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Hammer Screenings: Goshogaoka & Untitled (Ghost)

Hammer Museum

10899 Wilshire Blvd., Los Angeles, CA 90024

7:30pm

In Sharon Lockhart’s Goshogaoka, a subtle and multi-layered social portrait filmed in Japan, the exercise routines of a girls’ basketball team digress into distinct studies. Elad Lassry’s Untitled (Ghost) investigates the tradition of “spirit” or “ghost” photography, seen by some as evidence that photosensitive film can capture the immaterial, such as apparitions and auras. (S. Lockhart, Goshogaoka, 1997, 16mm, 63 min.; E. Lassry, Untitled (Ghost), 2011, 35mm film, silent 18 min.)

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Indigo Girls

El Rey Theatre

5515 Wilshire Blvd., Los Angeles, CA 95928

8:00pm

Amy Ray and Emily Saliers are Indigo Girls. Rolling Stone describes them as the “ideal duet partners. Their voices soar and swoop as one, alternately raucous and soothing. When they sing together, they radiate a sense of shared purpose that adds muscle to their lanky, deeply felt folk-tinged pop songs”. Together they write, arrange, record and perform music which over the course of twenty five years has become a vital part of the lives of their legion of devoted fans around the world, informing and rewarding them day to day.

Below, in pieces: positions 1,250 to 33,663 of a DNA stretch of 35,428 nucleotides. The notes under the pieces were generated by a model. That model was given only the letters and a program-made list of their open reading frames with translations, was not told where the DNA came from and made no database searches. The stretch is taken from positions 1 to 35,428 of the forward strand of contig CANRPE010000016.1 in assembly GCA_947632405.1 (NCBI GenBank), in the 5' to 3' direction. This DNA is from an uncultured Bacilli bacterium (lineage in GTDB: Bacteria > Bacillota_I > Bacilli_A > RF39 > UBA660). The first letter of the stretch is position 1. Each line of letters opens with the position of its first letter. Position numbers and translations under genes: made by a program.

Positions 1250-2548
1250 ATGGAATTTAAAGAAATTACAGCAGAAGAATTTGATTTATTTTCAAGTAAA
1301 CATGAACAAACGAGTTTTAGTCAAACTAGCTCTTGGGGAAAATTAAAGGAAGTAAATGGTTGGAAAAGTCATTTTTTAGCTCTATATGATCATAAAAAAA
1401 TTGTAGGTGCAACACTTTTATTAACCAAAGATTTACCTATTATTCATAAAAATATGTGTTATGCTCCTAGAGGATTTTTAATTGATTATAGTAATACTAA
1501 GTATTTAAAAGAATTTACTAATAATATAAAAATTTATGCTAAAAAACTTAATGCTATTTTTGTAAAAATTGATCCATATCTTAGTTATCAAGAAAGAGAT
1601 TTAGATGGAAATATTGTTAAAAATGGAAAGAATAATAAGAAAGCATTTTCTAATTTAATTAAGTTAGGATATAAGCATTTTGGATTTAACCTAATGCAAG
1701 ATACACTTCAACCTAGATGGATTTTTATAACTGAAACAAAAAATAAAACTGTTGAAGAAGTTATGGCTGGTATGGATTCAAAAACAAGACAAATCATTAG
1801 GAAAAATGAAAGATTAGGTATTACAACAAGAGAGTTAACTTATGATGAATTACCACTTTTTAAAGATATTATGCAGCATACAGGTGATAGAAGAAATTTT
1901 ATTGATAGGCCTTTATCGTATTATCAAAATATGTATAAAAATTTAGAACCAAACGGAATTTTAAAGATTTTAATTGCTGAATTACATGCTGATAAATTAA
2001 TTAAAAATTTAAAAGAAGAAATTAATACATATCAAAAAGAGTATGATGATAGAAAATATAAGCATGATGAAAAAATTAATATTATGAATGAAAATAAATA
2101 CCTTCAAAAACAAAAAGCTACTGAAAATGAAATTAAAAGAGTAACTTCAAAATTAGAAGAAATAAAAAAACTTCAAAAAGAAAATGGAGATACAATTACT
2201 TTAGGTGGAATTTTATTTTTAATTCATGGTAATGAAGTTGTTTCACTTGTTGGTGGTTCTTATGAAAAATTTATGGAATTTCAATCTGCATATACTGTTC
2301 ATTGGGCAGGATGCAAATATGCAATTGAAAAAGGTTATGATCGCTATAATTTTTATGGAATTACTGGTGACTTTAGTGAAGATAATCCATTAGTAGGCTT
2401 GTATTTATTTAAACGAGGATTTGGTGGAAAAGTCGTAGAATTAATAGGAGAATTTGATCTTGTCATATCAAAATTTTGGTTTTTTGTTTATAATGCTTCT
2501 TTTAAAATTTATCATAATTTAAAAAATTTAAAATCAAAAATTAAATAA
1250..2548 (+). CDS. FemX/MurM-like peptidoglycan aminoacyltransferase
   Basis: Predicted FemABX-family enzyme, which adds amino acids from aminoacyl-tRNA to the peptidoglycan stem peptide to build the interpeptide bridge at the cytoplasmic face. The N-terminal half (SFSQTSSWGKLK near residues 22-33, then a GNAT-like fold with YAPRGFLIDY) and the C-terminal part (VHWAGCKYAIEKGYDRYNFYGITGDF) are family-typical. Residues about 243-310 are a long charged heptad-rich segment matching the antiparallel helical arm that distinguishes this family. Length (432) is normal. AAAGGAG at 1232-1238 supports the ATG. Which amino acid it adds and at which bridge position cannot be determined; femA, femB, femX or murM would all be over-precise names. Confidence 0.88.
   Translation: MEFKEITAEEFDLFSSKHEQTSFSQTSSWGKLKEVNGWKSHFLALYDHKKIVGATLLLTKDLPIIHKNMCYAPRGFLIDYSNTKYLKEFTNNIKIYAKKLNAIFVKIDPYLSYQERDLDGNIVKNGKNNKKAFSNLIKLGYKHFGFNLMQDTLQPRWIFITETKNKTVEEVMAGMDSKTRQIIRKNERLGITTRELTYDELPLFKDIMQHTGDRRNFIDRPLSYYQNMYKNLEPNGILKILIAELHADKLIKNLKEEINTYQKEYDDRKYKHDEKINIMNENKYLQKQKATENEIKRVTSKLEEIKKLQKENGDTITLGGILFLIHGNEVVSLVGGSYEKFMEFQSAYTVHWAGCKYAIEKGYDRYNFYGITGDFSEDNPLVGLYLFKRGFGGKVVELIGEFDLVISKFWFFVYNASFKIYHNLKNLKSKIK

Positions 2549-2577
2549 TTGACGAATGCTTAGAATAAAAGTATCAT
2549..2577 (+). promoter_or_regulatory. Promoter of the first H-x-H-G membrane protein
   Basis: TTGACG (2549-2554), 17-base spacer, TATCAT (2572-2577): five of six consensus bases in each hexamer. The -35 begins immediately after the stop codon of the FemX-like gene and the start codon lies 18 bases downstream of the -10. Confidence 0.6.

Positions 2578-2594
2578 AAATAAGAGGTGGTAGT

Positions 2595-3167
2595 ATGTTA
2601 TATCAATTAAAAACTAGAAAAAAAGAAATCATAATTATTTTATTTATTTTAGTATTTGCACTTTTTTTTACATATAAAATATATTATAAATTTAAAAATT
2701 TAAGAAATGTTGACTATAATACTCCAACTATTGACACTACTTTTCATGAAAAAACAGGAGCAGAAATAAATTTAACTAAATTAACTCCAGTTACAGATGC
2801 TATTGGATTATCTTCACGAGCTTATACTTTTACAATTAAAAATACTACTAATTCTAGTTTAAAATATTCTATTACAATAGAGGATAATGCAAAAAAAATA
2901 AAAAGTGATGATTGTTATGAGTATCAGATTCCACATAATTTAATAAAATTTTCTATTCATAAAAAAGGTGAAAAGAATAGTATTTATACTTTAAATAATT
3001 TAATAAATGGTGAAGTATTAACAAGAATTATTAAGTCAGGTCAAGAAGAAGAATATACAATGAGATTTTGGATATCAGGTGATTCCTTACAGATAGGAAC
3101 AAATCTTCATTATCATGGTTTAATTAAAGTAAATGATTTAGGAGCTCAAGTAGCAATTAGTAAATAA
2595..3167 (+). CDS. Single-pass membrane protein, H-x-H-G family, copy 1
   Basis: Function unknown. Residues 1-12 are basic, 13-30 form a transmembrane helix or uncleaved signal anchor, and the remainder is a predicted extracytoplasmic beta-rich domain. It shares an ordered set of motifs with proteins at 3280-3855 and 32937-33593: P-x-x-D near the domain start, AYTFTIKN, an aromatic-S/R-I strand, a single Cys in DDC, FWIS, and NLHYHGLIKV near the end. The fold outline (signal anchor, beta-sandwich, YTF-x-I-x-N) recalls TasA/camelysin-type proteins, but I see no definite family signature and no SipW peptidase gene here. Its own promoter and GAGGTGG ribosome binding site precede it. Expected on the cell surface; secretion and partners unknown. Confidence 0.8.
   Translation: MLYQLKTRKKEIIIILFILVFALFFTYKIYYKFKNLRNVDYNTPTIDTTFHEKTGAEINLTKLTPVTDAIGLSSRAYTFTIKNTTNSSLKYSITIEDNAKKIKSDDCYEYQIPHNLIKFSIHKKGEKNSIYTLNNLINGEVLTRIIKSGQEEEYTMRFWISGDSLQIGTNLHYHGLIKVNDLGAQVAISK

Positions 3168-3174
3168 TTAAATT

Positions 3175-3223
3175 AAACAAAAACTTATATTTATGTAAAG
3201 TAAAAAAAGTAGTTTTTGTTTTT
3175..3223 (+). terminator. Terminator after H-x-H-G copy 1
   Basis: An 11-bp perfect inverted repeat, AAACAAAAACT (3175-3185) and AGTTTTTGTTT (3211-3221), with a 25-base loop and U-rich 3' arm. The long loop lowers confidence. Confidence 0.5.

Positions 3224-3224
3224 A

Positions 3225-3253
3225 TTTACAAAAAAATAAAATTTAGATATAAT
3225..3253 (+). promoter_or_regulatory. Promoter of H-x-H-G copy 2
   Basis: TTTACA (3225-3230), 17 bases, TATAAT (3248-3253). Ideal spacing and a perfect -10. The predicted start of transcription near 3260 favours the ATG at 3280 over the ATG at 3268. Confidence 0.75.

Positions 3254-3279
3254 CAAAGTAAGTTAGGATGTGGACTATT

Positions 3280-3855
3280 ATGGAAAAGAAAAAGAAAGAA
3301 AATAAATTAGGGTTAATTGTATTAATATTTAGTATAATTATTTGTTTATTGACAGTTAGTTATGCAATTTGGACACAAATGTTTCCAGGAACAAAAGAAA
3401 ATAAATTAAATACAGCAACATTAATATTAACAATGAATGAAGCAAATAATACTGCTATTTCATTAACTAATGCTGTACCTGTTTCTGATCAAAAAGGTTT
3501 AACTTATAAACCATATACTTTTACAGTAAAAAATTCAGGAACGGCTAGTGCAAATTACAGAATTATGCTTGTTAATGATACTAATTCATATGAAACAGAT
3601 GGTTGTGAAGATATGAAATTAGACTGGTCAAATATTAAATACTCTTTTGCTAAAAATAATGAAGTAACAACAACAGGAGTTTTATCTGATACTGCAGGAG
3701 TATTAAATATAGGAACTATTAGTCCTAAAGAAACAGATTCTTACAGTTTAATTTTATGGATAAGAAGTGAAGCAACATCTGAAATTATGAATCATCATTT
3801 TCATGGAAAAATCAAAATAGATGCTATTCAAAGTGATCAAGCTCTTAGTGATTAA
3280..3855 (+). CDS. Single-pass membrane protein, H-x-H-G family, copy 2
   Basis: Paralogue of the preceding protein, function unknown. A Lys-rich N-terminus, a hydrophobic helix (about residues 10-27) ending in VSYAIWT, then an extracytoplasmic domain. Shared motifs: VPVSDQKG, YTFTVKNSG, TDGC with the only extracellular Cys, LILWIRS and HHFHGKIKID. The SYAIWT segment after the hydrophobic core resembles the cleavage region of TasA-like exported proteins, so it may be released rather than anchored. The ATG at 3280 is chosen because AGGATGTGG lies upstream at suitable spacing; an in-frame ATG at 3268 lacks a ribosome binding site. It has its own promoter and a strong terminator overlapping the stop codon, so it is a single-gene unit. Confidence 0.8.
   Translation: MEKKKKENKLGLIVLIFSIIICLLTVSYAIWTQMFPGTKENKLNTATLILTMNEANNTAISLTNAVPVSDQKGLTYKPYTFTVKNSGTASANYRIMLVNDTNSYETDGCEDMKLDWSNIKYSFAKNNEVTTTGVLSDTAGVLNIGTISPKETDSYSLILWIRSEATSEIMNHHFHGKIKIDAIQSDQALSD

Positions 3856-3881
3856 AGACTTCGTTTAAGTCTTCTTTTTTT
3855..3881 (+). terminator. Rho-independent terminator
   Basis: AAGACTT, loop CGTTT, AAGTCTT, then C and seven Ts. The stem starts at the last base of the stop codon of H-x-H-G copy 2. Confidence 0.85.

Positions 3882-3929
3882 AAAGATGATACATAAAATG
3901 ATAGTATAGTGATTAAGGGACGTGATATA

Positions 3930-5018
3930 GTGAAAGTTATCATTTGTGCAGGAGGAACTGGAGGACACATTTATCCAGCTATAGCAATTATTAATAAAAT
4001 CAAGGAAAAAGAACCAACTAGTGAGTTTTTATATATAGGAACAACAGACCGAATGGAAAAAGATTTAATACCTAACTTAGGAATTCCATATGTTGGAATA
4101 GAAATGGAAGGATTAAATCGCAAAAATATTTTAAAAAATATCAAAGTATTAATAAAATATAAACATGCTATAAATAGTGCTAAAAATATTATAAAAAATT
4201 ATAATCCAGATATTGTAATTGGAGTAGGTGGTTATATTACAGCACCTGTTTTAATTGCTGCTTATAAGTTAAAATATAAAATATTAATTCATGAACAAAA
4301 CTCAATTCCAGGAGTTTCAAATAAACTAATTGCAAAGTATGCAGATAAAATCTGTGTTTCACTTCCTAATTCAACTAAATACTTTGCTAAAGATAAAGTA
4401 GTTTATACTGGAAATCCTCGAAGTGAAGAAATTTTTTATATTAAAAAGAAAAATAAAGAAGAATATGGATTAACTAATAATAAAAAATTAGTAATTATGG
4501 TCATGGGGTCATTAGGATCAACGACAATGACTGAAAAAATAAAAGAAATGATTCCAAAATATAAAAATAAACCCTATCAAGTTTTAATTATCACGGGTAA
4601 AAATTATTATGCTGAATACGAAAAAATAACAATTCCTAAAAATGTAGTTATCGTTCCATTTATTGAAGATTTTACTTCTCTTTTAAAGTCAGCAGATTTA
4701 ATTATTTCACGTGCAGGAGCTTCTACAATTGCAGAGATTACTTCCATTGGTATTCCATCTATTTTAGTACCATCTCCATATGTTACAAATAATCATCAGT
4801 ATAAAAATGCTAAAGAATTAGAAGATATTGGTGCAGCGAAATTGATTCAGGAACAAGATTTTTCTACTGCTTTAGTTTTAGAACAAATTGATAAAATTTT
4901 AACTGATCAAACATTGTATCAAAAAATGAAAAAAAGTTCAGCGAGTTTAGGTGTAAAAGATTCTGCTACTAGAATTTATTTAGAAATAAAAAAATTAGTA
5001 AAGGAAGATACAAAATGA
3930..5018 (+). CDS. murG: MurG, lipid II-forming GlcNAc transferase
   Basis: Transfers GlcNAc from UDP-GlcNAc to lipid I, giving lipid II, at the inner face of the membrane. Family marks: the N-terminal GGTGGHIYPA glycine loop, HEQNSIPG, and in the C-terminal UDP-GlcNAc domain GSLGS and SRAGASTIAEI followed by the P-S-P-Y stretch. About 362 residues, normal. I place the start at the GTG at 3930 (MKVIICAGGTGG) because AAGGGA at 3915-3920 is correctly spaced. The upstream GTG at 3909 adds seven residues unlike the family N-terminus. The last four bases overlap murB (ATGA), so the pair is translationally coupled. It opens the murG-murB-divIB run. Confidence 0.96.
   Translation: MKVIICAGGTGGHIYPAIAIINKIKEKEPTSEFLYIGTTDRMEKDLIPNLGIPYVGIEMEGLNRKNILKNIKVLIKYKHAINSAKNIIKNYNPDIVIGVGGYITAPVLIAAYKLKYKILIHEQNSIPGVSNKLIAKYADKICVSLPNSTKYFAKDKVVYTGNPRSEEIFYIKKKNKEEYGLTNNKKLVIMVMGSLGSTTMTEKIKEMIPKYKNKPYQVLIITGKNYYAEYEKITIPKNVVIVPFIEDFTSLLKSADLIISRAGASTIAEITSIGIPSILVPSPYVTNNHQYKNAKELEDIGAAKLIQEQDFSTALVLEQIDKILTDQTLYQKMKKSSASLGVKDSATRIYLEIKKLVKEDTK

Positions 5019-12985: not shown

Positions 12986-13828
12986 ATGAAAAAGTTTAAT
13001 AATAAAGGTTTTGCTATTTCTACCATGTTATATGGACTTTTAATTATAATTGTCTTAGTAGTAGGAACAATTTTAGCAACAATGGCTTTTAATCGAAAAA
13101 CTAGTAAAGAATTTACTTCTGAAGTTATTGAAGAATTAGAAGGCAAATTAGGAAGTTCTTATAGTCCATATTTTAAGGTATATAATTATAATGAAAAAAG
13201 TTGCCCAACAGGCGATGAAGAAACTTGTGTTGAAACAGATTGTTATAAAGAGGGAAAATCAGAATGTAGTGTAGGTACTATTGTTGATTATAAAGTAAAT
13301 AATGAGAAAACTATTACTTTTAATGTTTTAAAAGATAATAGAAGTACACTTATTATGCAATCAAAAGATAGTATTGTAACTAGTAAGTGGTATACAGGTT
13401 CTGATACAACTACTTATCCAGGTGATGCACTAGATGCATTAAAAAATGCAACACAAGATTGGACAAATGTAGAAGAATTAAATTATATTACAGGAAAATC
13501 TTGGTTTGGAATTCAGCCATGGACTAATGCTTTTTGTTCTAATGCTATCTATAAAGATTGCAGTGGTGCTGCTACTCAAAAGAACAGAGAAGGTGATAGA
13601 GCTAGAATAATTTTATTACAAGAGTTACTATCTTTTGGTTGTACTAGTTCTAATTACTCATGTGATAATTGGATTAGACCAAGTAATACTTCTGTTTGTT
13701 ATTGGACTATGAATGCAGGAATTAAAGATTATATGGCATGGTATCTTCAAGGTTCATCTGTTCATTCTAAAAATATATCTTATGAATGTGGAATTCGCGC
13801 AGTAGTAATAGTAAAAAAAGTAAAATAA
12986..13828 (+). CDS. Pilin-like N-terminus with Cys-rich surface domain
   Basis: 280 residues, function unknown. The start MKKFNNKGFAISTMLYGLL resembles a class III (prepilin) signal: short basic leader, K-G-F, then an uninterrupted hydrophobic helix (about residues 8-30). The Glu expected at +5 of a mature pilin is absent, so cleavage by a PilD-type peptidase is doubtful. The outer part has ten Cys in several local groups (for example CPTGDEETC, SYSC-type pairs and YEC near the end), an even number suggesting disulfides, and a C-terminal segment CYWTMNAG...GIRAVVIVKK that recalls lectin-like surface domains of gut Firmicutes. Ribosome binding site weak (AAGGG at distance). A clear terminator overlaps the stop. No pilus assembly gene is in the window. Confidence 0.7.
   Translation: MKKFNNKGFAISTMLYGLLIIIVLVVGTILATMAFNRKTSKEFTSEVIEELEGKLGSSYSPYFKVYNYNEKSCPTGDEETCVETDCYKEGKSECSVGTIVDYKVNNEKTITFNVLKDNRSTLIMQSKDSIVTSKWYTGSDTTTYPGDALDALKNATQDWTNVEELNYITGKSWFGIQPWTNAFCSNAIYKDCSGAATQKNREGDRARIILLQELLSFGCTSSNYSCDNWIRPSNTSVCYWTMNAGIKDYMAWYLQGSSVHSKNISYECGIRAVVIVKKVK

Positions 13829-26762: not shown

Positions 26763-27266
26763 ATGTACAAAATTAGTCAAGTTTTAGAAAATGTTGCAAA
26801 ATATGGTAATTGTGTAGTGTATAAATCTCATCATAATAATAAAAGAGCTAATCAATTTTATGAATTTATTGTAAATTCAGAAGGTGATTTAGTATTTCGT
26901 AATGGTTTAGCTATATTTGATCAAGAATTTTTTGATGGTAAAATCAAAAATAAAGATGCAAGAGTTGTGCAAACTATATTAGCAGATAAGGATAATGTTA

With twelve original studio albums, three live records, various Greatest Hits compilations, a Rarities and a Christmas record to their credit, the iconic duo continues to challenge itself creatively, over and over again, adding to a body of work that contains such contemporary classic songs as Galileo, Shame on You, Closer To Fine, Kid Fears, Love of Our Lives, Making Promises, Get out the Map, Moment of Forgiveness, Least Complicated and Go. After numerous Grammy nominations and awards and gold and platinum certifications and decades of touring in clubs, arenas and everything in between,  Indigo Girls remain active and  relevant, always viewing their music as a fresh opportunity for exploration and discovery. “We really work hard to not lean on any tried and true path in making our albums,” says Ray. “So when it comes to writing new songs and working and performing with different musicians, every record and every tour feels like a completely different adventure for us.